Islamic Lifestyle

Germany gradually reopens mosques as coronavirus restrictions ease


Germany’s federal and state governments agreed on April 30 to further lift COVID-19 restriction measures, allowing the re-opening of places of worship, playgrounds, parks, museums, galleries, zoos and monuments.

The Muslim Coordination Council (KRM), which represents the majority of mosque communities, welcomed the decision in a press release published on its website.

Following the government’s decision, KRM agreed to gradually open mosques, following clear guidelines and rules. The body counts Germany's four major Muslim religious communities as members: the Turkish-Islamic Union of Religious Institutions (DITIB), the Islam Council for the Federal Republic of Germany (IRD), the Central Council of Muslims (ZMD) and the Association of Islamic Cultural Centers (VIKZ).

Provided the communities can meet the requirements, KRM members and their mosque congregations can hold services starting May 9. 

“We made this decision with our best knowledge and belief, and the religious and civil responsibility to protect health and human life. May Allah free our country, our society, and all humanity from the evil of this pandemic,” KRM spokesman Burhan Kesici said in the press release.

Initially, only three of the five daily prayers— fajr, dzuhr, and asr — can be carried out in strict compliance with the guidelines drawn up and examined by KRM and authorities, including Germany’s public health establishment, the Robert Koch Institute.

These requirements stipulate a maximum number of people inside the mosques, which will be size-dependent, and the ability to ensure the minimum 1.5 meters distance between worshippers.

Further, people must wear face masks and bring their own prayer rugs.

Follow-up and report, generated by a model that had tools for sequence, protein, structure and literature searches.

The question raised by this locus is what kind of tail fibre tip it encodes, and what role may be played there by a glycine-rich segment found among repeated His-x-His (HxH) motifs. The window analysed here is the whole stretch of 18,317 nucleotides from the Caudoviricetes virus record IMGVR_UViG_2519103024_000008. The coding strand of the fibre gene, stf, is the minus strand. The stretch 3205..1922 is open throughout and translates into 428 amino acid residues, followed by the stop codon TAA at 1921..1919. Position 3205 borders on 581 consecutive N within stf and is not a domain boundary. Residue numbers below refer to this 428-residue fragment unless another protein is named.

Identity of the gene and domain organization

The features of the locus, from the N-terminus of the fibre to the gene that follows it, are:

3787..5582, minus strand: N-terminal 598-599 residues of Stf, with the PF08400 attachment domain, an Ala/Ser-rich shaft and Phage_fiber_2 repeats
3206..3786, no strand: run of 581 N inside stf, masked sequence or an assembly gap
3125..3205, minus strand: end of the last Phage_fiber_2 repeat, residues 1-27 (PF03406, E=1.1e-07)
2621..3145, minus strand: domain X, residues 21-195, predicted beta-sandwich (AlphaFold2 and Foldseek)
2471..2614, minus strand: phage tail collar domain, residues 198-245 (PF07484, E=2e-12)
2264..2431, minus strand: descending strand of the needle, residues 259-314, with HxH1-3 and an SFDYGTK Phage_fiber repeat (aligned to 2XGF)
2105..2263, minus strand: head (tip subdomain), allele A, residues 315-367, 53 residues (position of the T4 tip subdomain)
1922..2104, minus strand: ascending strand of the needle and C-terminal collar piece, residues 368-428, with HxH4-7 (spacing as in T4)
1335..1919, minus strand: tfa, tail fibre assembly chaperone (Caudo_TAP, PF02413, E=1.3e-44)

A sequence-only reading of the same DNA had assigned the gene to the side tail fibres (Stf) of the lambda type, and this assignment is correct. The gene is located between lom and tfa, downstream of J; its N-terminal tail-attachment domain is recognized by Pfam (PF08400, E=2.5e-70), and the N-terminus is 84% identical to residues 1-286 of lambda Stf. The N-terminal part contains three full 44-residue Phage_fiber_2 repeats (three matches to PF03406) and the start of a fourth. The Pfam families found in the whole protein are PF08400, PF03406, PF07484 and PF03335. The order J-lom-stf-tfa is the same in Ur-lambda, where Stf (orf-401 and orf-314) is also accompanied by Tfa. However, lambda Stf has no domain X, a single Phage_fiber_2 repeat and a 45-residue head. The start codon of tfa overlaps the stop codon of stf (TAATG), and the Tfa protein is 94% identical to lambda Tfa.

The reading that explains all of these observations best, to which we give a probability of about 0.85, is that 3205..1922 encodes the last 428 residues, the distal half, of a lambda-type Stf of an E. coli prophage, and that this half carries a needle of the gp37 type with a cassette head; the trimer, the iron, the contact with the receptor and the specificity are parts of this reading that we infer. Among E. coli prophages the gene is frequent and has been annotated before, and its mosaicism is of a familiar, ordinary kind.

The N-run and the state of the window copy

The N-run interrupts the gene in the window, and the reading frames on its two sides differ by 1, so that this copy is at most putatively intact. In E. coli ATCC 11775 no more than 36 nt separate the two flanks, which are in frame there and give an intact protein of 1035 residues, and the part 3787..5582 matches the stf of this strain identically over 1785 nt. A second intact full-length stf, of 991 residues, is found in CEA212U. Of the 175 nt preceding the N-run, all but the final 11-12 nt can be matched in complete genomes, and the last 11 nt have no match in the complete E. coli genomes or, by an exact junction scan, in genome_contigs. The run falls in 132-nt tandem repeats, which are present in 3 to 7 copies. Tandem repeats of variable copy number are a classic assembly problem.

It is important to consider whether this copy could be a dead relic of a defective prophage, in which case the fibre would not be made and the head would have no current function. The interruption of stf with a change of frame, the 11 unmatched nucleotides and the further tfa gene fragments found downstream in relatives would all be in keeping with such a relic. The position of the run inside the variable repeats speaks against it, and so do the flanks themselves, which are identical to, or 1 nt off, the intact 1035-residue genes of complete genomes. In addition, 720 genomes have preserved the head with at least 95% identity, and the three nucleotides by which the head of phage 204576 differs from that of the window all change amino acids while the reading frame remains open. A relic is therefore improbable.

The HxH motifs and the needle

Mosque entries and exits must be regulated, visitor’s names have to be documented, and the rooms must be disinfected.

However, big congregational prayers such as Ramadan’s taraweeh, Friday and Eid al Fitr prayers still remain suspended.

"After the next federal-state conference on 6 May, we will review this decision and recommendations, and adjust if necessary," Kesici said.

Germany is home to around 5 million Muslims who make up around 6% of the population.

DÜSSELDORF ALLOWS PRAYER CALLS

As only a small group of worshippers will be able to visit the mosques once reopened, some German cities have allowed  the adhan to be broadcasted publicly as a sign of unity and solidarity.

This includes Düsseldorf, the capital of North-Rhine-Westphalia that has a substantial Muslim population accounting for around seven to eight percent of the state’s nearly 18-million population, according to a state government publication.

As of Friday (May 1), four Düsseldorf mosques alternately broadcast the prayer calls.

“In these difficult times, people need encouragement, solidarity, and consolation. Jewish, Christian, and Muslim communities feel obliged to contribute,” said Redouan Aoulad-Ali, a board member of the Circle of Düsseldorf Muslims (KDDM), in a press statement.

However, the calls have been adjusted to encourage the communities to continue praying at home, and not in the mosque, to avoid crowds in front of the buildings.

The prayer calls must not exceed 70 decibels and usually last between two and three minutes.

In Germany, both the bell-ringing and the muezzin call are protected by Basic Law article 4, paragraph 2: "The undisturbed practice of religion is guaranteed."

However, the Federal Emissions Control Act, protecting against harmful environmental effects from air pollution, noise, shocks, and similar processes, can draw limits.

A mosque’s building permit will normally specify if and when the muezzin may broadcast the adhan. The adhan on smartphone apps replace the prayer call if public broadcasts cannot be made.

As of May 2, the Robert Koch Institute reported 161,703 confirmed COVID-19 cases and 6,575 deaths in Germany. 87% of deaths and 19% of all cases are people 70 years or older.

(Reporting by Petra Loho; Editing by Emmy Abdul Alim [email protected])

 

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Petra Loho